Was Lincoln Gay?

Was Abe Lincoln gay? A new book – The Intimate World of Abraham Lincoln by C.A. Tripp – has made this the subject of heated debate of late. Here are a few links if the subject interests you:

– Here is Richard Brookhiser in the NYTBR:

The prose is both jumpy and lifeless, like a body receiving electric shocks. Tripp alternates shrewd guesses and modest judgments with bluster and fantasy. He drags in references to Alfred Kinsey (with whom he once worked) to give his arguments a (spurious) scientific sheen. And he has an ax to grind. He is, most famously, the author of ”The Homosexual Matrix.” Published in 1975, it was a document of gay liberation. Since the other president sometimes thought to have been gay is the wretched James Buchanan, what gay activist wouldn’t want to trade up to Lincoln? Still, obsession can discover things that have been overlooked by less fevered minds.

– Andrew Sullivan adds his unique and passionate response in the New Republic (for more check out his blog):

How gay was Abraham Lincoln? By asking the question that way, it’s perhaps possible to avoid the historically futile, binary question of “gay” versus “straight.” Futile, because we are talking about a man who lived well over a century ago, at a time when the very concepts of gay and straight did not exist. And C.A. Tripp, author of The Intimate World of Abraham Lincoln was, despite the crude assertions of some reviewers, a Kinseyite who believed in a continuum between gay and straight. If completely heterosexual is a Kinsey zero and completely homosexual is a Kinsey six, Tripp puts Lincoln at five. Reading his engrossing, if uneven, book, I’d say you could make a case that Lincoln was, in fact, a four. It’s going to be a subjective judgment, and I’m no Lincoln scholar. In any particular piece of evidence that Tripp discovers, I’d say it’s easy to dismiss his theory. But when you review all the many pieces of the Lincoln emotional-sexual puzzle, the homosexual dimension gets harder and harder to ignore.

– TNR’s formal review by Christine Stansell:

n his very naïveté, however, Tripp compiles a dossier of ambiguities–not truths, but ambiguities–worth considering. He wants to trumpet the unassailable truth of Lincoln’s homosexuality–or, in his more nuanced moments, what he implies to be bisexuality. His bullish proclamations are easily countered, and not just by the heterosexists and the homophobes whose attacks he predicts will result from his revelations. But he puts forward some oddities. Too insubstantial in themselves to prove anything about Lincoln, they do add to a larger body of evidence concerning sex before sexuality–that is, bodily life before the advent of the modern notion of an all-encompassing state that lies at the core of identity.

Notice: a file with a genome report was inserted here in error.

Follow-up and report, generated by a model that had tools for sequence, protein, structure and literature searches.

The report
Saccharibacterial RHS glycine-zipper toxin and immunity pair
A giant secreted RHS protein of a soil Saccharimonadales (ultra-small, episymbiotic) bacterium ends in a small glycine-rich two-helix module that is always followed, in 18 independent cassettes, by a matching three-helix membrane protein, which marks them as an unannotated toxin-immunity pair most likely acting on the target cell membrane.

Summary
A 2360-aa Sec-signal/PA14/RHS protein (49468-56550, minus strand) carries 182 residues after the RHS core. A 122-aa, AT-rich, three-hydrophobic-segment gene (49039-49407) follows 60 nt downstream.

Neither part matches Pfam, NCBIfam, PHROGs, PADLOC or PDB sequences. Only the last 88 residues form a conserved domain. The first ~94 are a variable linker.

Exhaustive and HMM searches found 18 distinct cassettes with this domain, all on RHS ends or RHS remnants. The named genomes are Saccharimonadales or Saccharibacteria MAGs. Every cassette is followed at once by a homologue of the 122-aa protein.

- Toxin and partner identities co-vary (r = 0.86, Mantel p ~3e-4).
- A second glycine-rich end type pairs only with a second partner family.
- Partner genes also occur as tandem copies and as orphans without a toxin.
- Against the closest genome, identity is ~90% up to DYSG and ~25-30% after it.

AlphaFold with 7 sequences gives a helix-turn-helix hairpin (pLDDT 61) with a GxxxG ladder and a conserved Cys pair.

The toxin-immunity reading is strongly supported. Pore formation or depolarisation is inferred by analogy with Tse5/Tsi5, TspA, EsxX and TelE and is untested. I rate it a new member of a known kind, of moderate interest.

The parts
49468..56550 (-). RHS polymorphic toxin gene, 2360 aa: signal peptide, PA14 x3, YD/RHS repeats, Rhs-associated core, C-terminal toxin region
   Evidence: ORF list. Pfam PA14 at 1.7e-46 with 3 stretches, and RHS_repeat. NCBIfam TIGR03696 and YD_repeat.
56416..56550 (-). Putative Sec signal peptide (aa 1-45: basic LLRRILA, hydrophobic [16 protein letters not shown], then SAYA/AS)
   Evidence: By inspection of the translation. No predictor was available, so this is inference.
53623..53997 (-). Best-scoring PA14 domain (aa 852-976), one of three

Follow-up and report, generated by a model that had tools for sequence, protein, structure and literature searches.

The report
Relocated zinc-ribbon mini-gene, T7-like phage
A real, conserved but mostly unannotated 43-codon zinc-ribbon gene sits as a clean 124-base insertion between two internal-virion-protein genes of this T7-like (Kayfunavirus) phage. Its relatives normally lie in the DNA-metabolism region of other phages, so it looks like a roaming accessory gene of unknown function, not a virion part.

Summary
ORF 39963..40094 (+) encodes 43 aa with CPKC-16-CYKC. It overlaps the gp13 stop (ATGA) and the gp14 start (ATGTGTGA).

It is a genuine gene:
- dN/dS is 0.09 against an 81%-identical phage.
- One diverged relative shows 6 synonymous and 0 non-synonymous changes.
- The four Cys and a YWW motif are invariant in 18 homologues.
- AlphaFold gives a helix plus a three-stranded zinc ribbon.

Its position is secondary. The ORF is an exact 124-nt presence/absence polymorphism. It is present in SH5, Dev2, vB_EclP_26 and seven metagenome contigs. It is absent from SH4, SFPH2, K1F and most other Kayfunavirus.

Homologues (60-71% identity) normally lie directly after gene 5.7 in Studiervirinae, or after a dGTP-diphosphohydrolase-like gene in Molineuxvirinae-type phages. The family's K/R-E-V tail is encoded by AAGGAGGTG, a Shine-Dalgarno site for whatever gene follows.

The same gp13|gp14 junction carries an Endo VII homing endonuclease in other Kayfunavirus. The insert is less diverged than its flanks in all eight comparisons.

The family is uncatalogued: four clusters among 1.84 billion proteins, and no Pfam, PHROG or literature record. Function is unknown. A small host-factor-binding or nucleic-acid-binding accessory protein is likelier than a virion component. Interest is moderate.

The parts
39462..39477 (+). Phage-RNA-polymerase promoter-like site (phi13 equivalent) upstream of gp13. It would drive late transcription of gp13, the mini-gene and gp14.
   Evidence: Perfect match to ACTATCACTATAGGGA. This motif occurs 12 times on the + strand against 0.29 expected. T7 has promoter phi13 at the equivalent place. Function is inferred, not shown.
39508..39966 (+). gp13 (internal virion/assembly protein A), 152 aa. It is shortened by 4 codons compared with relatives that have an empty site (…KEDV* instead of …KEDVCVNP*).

The Weekly Standard review (written by a former colleague/co-author of Tripp, now unhappy with the end result) attempts to debunk the excesses and exaggerations of the books author:

The argument is “irrefutable,” Gore Vidal blurbs on the book’s cover. And, in fact, Tripp’s work is as good as the case gets for Lincoln’s walk on the Wilde side.

Unfortunately, that is merely a way of saying the Gay Lincoln Theory fails any historical test. “Useful history” is always a dubious kind of scholarship. But in its attempt to be useful for gays today, The Intimate World of Abraham Lincoln reaches far beyond the merely dubious. The book is a hoax and a fraud: a historical hoax, because the inaccurate parts are all shaded toward a predetermined conclusion, and a literary fraud, because significant portions of the accurate parts are plagiarized–from me, as it happens.

– Gore Vidal discusses the book in Vanity Fair:

What then did researcher Tripp discover over the last decades about Lincoln’s lavender streak and those soft May violets? The answer is a great deal of circumstantial detail, of which some is incontrovertible except perhaps to the eye of faith, which, as we all know, is most selective and ingenious when it comes to the ignoring of evidence.

What do I think? I have no idea really, but if I had to choose based on the articles above I would say I lean closer to Brookhiser than any (shocking I know!). On Andrew’s gay scale I may put Lincoln at a 2 or 2.5, but I think Brookhiser is right when he emphasizes Lincoln’s accomplishment’s and his impact on this nation.

About the author

Kevin Holtsberry

I work in communications and public affairs. I try to squeeze in as much reading as I can while still spending time with my wife and two kids (and cheering on the Pittsburgh Steelers and Michigan Wolverines during football season - oh, and watching golf too).

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